Future generations will be the main winners of a decision to wind down the Tauranga Energy Consumer Trust (TECT) and its associated cheques over the next 30 years, business leaders believe.
TECT trustees confirmed yesterday they would go ahead with a plan to restructure the trust and wrap it up by 2050.
It planned to retain enough money, an estimated $291 million to $413m, to continue issuing TECT cheques — the nickname for the annual rebate to Trustpower customers in Tauranga and the Western Bay — over this period.
The rest would go to the new TECT Community Trust.
The restructure followed Trustpower's announcement in January that it was looking at selling its retail business. If it sold, TECT beneficiaries would no longer be Trustpower customers.
TECT is a 26.8 per cent minority shareholder in Trustpower, which is New Zealand's fifth-largest electricity company with 231,000 retail customers - about 53,000 in Tauranga.
Under TECT's restructure plan, Trustpower customers as of January 28 would continue to receive a rebate from TECT for 30 years, provided the funds were there and the customer continued to live in Tauranga or the Western Bay. New customers would miss out.
The rebate will be $500 a year for the first 10 years, increasing to $600 in 2030 and $700 in 2040 to account for inflation.
The balance of funds, including the Trustpower shareholding, would be transferred to the new long-term community trust focused on grants for local community projects.
Priority One chief executive Nigel Tutt said TECT's decision was a "very sensible and fair solution".
"TECT already plays a valuable role in our community and this change will enable it to have an even more valuable role."
Tutt said TECT had long picked up areas not covered by councils or Government funders.
"So TECT plays a massively valuable role in helping some of those community organisations do the great work they already do. These changes will allow it to do it even more. The trustees have done a fantastic job."
The Incubator Creative Hub director Simone Anderson was among about two-thirds of nearly 800 people who submitted in favour of the move.
Anderson told the Bay of Plenty Times she believed TECT was an organisation with philanthropic and community funding at its core.
"So many opportunities go out to things that wouldn't exist if not for it," she said.
Anderson said she was supportive of the diverse range of recipients TECT donated to and such moves, in turn, made her feel invested. Redistributing the balance into a community grant fund "is a win, win, really".
"Personally, I'm a TECT customer and I'm always happy that anything I'm contributing to is going to good causes. I think that's the way people should be thinking."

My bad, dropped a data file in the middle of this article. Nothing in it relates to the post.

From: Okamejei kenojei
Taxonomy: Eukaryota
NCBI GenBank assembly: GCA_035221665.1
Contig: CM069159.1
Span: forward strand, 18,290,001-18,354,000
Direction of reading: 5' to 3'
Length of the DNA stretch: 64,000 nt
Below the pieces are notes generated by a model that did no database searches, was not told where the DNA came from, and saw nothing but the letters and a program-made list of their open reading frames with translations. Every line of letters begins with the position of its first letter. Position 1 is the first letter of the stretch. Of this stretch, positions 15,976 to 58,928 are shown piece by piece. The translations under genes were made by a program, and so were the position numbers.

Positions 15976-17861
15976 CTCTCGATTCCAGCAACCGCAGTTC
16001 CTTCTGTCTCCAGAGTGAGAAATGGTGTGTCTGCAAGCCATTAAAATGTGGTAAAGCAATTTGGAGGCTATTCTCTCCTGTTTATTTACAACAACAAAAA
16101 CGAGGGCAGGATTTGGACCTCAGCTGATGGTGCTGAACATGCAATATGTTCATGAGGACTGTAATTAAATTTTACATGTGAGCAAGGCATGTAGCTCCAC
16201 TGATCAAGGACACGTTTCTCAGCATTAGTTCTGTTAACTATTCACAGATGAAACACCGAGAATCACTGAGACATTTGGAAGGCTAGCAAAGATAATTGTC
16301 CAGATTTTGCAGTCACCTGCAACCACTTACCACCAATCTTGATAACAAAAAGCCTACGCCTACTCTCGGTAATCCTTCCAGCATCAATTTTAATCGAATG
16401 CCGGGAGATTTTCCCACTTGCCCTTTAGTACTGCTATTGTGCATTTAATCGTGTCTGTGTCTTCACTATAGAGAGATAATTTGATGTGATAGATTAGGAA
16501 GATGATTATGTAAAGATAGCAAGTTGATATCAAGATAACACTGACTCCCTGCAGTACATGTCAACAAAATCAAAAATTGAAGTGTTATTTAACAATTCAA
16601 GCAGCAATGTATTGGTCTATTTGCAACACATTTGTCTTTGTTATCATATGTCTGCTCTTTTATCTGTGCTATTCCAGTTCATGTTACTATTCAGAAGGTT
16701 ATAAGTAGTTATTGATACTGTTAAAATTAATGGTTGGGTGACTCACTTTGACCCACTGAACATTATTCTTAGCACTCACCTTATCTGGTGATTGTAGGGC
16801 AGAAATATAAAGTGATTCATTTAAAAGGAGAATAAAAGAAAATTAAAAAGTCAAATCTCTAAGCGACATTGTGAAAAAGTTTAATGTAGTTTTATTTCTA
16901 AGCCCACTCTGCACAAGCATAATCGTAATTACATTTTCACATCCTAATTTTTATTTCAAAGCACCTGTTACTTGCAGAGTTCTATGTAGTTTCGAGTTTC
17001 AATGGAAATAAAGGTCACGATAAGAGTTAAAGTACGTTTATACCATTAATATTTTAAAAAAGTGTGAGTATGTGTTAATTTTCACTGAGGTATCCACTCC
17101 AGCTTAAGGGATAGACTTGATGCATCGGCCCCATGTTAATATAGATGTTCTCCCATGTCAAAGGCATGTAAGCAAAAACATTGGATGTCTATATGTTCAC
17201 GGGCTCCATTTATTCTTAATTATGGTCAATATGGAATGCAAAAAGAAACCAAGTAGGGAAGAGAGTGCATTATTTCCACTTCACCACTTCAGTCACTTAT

Graeme Dingle Foundation Western Bay of Plenty regional manager Dan Allen-Gordon said "everyone's going to be a winner".
"Our community is going to be so well resourced ... I'm not sure why there were negative comments. Our community will be much better off."
TECT funding helped the foundation support 3600 young people every week, Allen-Gordon said.
"There's huge demand, there are communities that have been asking for our help ... we haven't been able to reach them. We will be able to now."
Allen-Gordon said TECT funding not only helped young people but contributed to some of Tauranga's most "amazing assets" such as the University of Waikato campus, the arena at Baypark and local surf club buildings.
"We are the envy of the rest of the country, I think.
"It's going to be a game-changer for the region."
Not all submitters were in favour, however. In her submission, Sally Paterson opposed the move because she did not believe it was fair to consumers "and effectively unjustly enriches and favours the community charities aspect over the best interests of the consumer beneficiaries."
Submitter Alison Julian said: "this money came from the customers and should go back to the customers."
J H Strickett said: "It is our money, therefore, it should be paid out in full".
Tauranga Chamber of Commerce Matt Cowley said TECT's decision was necessary "because doing nothing was a bad decision".
Cowley said TECT did well to protect the cheque while also creating a new community trust that will benefit local communities.
"Future generations are the main winner as the community will have a new trust with a broader purpose to invest into community assets and social programmes."
In a statement yesterday, TECT said the trustees will apply to the High Court for directions. The restructure will only take effect if the High Court ends up making those directions.
Trustees will seek an independent QC to be appointed to help in scrutinising whether trustees were exercising their powers appropriately.
Beneficiaries will be notified once the application is filed and all beneficiaries had the right to take part in the High Court process and be heard.
TECT chairman Bill Holland said the majority supportive feedback during consultation gave trustees the confidence to continue.
"As a result of these deliberations, trustees are satisfied that the proposal that was consulted on is the best solution to take forward," he said.
"We know how important TECT is to the Tauranga and Western Bay communities and it has been heartening to see the level of engagement from beneficiaries over the last month.
"We are confident that the final proposal will ensure that TECT will continue to bring long-lasting benefits to the Tauranga and Western Bay communities while future-proofing the rebate for existing beneficiaries," Holland said.
Asked where Trustpower was at regarding the potential sale of its retail arm, and when a decision on this was likely to be made, Trustpower general manager of markets Craig Neustroski said: "Trustpower continues to support TECT's aspiration to reform the Trust.
"We consider their process to be right and robust and seeks to protect the rights of existing beneficiaries, irrespective of the Trustpower strategic review."